2018 was a busy year for deal making across Southeast Asia, with clients utilizing both new and existing British Virgin Islands (BVI) companies as part of their deal structures. According to figures released by the BVI Financial Services Commission, the jurisdiction’s regulator, by the end of the third quarter, 2018, a total of 28,499 new BVI companies had been incorporated in 2018 – a significant increase on new incorporation numbers for the first three quarters of the two previous years.
We, in the Singapore office of the Maples Group, were fortunate to act on deals involving BVI entities across the region, and across sectors including fintech, biotech, resources, manufacturing and real estate for both foreign investors coming into the region and existing regional players disposing of, or acquiring, assets.
Using BVI companies in deal structures
As readers will no doubt be aware, typically, BVI companies are used at the top of investment structures, either to act as the ultimate holding vehicle for an institution’s or an individual’s stake in an underlying business or asset, or as the conduit or joint venture for investment monies (for an investor group) to be made available to the underlying business.
The following provisions of the BVI Business Companies Act, the BVI’s corporate law statute, are attractive in this context:
- The absence of the concept of share “capital” (and use of no par value shares) so that subscription monies and other monies available in the company can be fully utilized for the benefit of the business;iness;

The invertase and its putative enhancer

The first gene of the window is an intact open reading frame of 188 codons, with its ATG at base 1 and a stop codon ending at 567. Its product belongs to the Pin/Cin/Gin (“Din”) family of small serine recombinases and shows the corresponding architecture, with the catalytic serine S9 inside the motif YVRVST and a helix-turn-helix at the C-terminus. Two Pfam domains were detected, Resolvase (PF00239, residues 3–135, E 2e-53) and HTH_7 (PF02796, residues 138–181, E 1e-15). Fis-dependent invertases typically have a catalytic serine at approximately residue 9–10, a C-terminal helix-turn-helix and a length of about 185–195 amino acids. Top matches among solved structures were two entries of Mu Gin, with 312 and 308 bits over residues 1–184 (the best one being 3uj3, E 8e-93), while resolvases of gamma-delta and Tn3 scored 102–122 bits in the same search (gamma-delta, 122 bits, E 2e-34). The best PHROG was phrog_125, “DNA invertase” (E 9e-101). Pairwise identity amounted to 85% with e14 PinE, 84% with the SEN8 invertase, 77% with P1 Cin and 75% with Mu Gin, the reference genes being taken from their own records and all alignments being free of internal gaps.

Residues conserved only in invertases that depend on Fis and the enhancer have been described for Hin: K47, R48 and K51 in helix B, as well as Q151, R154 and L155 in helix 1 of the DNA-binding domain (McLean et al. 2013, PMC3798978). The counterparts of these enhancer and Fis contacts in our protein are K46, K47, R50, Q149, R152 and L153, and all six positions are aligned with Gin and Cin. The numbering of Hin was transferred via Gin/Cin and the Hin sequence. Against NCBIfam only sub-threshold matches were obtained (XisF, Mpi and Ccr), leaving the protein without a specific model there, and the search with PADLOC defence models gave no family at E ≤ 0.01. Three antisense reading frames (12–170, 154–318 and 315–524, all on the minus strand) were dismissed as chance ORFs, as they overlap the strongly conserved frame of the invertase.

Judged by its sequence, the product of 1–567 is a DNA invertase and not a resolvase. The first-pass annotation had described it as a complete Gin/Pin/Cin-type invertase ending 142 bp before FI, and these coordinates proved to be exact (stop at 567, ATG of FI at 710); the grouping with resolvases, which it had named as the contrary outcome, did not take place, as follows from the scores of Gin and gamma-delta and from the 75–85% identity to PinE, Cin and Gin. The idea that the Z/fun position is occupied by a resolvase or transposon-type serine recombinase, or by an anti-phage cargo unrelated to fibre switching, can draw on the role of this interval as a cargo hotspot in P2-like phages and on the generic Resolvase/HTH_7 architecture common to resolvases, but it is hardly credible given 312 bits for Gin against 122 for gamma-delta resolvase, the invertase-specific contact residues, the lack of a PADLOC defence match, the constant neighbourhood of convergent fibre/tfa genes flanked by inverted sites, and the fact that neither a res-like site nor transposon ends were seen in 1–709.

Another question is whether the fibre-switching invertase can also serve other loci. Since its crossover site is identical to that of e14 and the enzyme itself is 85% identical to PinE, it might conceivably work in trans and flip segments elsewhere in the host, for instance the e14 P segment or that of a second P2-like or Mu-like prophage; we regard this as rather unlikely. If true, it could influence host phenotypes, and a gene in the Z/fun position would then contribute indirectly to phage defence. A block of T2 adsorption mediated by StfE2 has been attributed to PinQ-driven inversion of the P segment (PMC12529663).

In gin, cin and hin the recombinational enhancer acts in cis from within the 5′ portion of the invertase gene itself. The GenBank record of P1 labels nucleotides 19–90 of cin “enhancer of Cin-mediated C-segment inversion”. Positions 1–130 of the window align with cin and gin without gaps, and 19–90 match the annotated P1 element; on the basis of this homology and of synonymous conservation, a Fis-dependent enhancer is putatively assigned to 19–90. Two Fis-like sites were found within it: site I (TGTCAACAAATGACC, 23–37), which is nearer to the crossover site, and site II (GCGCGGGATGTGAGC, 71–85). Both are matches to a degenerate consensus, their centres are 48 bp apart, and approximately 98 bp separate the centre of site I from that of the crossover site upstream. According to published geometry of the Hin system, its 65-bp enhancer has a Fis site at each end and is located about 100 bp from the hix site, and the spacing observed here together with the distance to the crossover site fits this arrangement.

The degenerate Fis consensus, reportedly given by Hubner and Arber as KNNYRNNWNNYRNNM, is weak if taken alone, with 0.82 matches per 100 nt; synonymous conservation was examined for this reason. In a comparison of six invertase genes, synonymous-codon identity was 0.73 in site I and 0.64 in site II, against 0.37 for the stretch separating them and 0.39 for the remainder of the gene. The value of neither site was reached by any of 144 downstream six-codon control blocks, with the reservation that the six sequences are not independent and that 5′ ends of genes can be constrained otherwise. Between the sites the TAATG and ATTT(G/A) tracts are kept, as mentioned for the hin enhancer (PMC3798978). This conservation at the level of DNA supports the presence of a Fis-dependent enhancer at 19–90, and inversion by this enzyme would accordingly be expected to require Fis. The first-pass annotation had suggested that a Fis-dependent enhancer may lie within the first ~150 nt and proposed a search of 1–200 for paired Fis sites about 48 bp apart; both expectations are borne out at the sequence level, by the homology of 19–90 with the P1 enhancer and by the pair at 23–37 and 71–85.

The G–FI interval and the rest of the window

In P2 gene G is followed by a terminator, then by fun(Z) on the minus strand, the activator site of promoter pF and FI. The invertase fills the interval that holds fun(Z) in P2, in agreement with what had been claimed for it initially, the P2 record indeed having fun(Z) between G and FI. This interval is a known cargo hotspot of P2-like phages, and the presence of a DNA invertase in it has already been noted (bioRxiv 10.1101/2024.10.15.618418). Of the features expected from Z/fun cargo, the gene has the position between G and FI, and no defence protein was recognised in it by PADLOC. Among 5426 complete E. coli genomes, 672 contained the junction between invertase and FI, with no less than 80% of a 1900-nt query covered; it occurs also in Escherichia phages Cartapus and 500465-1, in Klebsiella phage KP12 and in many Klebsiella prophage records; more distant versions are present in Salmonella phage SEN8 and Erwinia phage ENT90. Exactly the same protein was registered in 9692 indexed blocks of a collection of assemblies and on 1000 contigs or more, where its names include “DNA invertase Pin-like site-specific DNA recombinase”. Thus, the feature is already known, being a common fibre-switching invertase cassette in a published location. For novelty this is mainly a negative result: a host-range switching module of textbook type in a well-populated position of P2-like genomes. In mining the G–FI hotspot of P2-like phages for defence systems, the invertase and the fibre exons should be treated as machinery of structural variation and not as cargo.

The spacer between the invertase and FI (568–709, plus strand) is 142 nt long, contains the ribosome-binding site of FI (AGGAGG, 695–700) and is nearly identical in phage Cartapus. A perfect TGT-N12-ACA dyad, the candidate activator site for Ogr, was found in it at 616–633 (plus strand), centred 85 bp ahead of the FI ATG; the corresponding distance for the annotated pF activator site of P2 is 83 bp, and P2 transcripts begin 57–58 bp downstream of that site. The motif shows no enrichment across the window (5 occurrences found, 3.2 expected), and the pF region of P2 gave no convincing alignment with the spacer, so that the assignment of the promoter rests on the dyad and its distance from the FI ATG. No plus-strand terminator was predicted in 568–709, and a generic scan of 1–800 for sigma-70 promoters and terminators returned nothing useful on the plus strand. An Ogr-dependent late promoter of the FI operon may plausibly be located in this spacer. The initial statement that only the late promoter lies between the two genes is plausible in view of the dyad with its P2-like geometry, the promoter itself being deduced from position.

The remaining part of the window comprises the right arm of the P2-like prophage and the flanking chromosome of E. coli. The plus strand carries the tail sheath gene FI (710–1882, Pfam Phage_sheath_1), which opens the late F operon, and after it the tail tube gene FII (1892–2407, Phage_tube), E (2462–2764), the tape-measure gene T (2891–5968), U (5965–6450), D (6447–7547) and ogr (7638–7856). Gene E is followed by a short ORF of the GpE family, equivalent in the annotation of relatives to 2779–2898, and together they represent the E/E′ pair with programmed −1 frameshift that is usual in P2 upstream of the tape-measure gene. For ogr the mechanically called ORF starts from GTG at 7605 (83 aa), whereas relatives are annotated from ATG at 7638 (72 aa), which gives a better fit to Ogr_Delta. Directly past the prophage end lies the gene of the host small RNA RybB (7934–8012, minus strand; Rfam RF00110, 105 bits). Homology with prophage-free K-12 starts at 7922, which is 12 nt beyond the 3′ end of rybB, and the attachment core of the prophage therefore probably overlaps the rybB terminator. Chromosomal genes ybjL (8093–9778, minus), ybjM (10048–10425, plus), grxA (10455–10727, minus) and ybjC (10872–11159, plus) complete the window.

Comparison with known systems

- In an investor group context, the ability of directors of a BVI company to act in the best interests of the shareholder (of the company) that appointed them (as opposed to the best interests of the BVI company itself);
- Ability to declare and pay dividends and distributions subject only to a solvency determination from the directors of the company – no concepts of share capital or premium to contend with;
- Ability to repurchase or redeem shares subject only to the solvency determination referred to above; and
- Privacy of ownership information – while BVI law requires that director and shareholder information for all BVI companies (including ultimate beneficial ownership information) is maintained in the BVI, this information is not available to the general public.
In addition to the tangible benefits of the act itself, the BVI retains its “brand” appeal and it continues to be internationally recognized as a reliable jurisdiction for the facilitation of cross-border transactions in Southeast Asia and, in addition, both investors and financiers of that investment can take advantage of the local availability of BVI legal advice and related services from providers here in Southeast Asia to incorporate, navigate and advise their companies on all corporate related transactions.
In terms of trends within the market, increased M&A activity has prompted clients to look at all possible options open to them under the act. One route to an acquisition (that we have seen in both a public and a private company context) is the use of a merger of two or more companies to effect an acquisition of the ultimate underlying business. The act provides that a BVI company can merge with another BVI company or a foreign company (where the domicile of the foreign company provides for the merger concept).